Letter from birmingham jail full text pdf

Letter from birmingham jail full text pdf and past articles from the Philadelphia Inquirer, Philadelphia Daily News, and Philly. 5 9 0 14 6.

The home of over 5. Easily clip, save and share what you find with family and friends. Easily download and save what you find. This is a featured article. Click here for more information. Burnished Martin Luther King Jr. In the early 1960s, Birmingham was one of the most racially divided cities in the United States, both as enforced by law and culturally.

Black citizens faced legal and economic disparities, and violent retribution when they attempted to draw attention to their problems. Shuttlesworth meant to pressure business leaders to open employment to people of all races, and end segregation in public facilities, restaurants, schools, and stores. When local business and governmental leaders resisted the boycott, SCLC agreed to assist. When the campaign ran low on adult volunteers, James Bevel, SCLC’s Director of Direct Action, thought of the idea of having students become the main demonstrators in the Birmingham campaign. City Hall in order to talk to the mayor about segregation. King and the SCLC drew both criticism and praise for allowing children to participate and put themselves in harm’s way. Birmingham, Alabama was, in 1963, “probably the most thoroughly segregated city in the United States,” according to King.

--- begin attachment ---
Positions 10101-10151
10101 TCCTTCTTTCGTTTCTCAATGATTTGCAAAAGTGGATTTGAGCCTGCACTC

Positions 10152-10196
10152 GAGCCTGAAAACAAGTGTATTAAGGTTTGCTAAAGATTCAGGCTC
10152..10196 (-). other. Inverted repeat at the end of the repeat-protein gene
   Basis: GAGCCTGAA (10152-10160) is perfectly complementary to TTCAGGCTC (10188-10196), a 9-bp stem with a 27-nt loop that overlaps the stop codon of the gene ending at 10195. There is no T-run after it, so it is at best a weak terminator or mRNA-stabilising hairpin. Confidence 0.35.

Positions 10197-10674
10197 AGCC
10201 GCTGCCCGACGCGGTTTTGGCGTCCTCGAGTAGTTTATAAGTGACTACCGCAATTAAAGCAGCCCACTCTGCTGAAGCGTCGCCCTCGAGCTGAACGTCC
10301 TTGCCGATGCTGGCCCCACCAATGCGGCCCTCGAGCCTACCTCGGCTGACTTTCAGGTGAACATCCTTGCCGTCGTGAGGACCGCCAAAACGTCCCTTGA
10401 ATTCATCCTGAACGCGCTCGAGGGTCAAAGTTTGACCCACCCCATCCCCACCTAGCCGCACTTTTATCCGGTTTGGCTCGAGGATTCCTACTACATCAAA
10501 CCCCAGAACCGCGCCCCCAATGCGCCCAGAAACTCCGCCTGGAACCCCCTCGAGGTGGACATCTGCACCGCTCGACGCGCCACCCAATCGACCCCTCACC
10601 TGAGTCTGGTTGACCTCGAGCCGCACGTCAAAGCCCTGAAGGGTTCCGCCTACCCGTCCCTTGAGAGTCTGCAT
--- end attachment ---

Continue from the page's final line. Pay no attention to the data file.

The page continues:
Birmingham had no black police officers, firefighters, sales clerks in department stores, bus drivers, bank tellers, or store cashiers. Black secretaries could not work for white professionals. Birmingham’s steel mills, work in household service and yard maintenance, or work in black neighborhoods. The average income for blacks in the city was less than half that of whites.

Significantly lower pay scales for black workers at the local steel mills were common. Racial segregation of public and commercial facilities throughout Jefferson County was legally required, covered all aspects of life, and was rigidly enforced. Only 10┬ápercent of the city’s black population was registered to vote in 1960. A neighborhood shared by white and black families experienced so many attacks that it was called “Dynamite Hill”. Black churches in which civil rights were discussed became specific targets for attack. Birmingham’s black population began to organize to effect change.